UK court overturns Venezuela’s gold war judgment

The Court of Appeal understood that "the judgment was erroneous" considering that the recognition of Juan Guaidó as interim president excluded the possibility of recognizing Nicolás Maduro as de facto president

The Court of Appeal of England granted the Central Bank of Venezuela an appeal against the ruling made by Judge Teare on July 2, which denied access of the Venezuelan bank to the gold bullion reserves stored in the Bank of England valued at around 1.8 billion euros.

The court understands that the judgment was erroneous when considering that the terms of the English government’s recognition of Juan Guaidó as president of Venezuela in law excluded the possibility that the British government, however, also recognized Nicolás Maduro as “de facto” president.

Specifically, the new order issued understands that the UK Government may expressly recognize a person de jure and at the same time recognize another person de facto.

In this way, the court has ordered that the English courts carry out a detailed factual investigation in which the diplomatic relations between the United Kingdom and Venezuela, as well as other relevant factors, are explained and detailed, to determine whether the United Kingdom Government recognizes that Maduro does continue to exercise ‘de facto’ powers as head of state.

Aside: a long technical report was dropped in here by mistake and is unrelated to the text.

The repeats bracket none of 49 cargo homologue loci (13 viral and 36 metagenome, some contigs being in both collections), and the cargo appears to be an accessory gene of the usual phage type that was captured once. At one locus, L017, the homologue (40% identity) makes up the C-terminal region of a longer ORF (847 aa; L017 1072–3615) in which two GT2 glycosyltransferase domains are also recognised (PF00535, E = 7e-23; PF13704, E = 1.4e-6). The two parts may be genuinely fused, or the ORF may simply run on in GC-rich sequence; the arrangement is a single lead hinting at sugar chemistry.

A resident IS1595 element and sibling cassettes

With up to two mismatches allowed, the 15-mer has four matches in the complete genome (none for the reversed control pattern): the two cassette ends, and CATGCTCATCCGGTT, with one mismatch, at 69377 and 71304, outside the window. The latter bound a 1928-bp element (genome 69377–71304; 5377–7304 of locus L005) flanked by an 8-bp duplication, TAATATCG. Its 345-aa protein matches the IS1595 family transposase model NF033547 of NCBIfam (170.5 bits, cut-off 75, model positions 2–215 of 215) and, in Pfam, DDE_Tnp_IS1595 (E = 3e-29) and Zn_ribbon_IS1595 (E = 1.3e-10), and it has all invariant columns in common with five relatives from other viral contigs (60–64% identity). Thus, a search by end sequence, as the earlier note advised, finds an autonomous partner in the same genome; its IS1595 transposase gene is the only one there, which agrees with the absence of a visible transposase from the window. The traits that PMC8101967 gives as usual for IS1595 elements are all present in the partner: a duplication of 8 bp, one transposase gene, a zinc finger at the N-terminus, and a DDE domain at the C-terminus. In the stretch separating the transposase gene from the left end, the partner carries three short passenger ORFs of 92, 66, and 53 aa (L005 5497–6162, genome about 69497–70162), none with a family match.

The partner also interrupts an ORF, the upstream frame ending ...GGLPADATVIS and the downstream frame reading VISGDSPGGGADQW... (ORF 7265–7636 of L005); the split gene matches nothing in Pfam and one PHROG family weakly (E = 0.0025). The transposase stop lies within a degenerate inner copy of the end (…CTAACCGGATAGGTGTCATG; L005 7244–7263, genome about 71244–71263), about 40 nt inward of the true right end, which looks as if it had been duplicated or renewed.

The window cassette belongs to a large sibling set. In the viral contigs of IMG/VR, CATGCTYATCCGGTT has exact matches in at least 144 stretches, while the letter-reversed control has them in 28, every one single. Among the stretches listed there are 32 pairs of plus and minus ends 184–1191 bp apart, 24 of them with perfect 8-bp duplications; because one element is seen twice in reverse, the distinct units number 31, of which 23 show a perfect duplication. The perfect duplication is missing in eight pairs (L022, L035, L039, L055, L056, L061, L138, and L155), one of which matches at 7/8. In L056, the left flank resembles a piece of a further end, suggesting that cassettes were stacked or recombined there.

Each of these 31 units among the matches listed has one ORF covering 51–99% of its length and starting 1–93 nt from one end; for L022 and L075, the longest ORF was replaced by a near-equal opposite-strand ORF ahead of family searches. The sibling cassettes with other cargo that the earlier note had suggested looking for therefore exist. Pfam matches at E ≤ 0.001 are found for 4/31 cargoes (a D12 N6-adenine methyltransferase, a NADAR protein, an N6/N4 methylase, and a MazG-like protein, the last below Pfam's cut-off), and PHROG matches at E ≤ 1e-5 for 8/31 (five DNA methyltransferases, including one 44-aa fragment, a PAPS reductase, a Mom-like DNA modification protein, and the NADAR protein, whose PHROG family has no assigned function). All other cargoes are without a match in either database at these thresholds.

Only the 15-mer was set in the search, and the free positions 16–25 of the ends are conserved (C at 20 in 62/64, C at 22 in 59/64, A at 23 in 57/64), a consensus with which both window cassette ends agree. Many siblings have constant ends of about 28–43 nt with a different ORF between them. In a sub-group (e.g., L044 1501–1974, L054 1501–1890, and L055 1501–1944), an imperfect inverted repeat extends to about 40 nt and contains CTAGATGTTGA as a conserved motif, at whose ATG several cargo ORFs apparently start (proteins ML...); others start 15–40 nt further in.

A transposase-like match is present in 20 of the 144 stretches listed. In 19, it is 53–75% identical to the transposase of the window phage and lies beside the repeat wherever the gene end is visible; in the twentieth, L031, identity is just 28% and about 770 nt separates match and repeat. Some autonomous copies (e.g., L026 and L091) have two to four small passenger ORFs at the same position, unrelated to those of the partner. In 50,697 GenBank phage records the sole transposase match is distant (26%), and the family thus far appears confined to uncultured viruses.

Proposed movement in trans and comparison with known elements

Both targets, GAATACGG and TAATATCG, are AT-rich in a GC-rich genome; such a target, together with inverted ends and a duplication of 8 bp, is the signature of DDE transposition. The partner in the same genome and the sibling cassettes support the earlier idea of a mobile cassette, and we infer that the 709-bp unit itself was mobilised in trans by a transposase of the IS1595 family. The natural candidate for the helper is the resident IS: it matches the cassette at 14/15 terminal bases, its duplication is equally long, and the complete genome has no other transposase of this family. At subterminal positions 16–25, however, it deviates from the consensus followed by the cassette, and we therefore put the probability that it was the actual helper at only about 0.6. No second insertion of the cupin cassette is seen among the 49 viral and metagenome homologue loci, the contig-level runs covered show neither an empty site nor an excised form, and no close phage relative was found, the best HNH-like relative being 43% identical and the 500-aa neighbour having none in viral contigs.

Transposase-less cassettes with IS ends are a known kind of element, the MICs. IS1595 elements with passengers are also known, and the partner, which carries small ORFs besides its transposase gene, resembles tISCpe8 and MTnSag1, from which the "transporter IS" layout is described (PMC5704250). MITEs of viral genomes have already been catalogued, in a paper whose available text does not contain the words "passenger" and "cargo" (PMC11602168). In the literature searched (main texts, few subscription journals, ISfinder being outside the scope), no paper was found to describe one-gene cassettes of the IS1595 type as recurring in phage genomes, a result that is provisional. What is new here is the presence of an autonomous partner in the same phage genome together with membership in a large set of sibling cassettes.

The Venezuelan issuing institute, represented by Zaiwalla & Co, filed a lawsuit last May against the Bank of England to access part of the 1.8 billion euros that the Venezuelan Administration had deposited in London.

Venezuela’s intention is to allocate these reserves to a United Nations program to acquire humanitarian aid, medicines and equipment necessary to combat the coronavirus pandemic in Venezuela.

K. Tovar

Source: La Voz de Galicia

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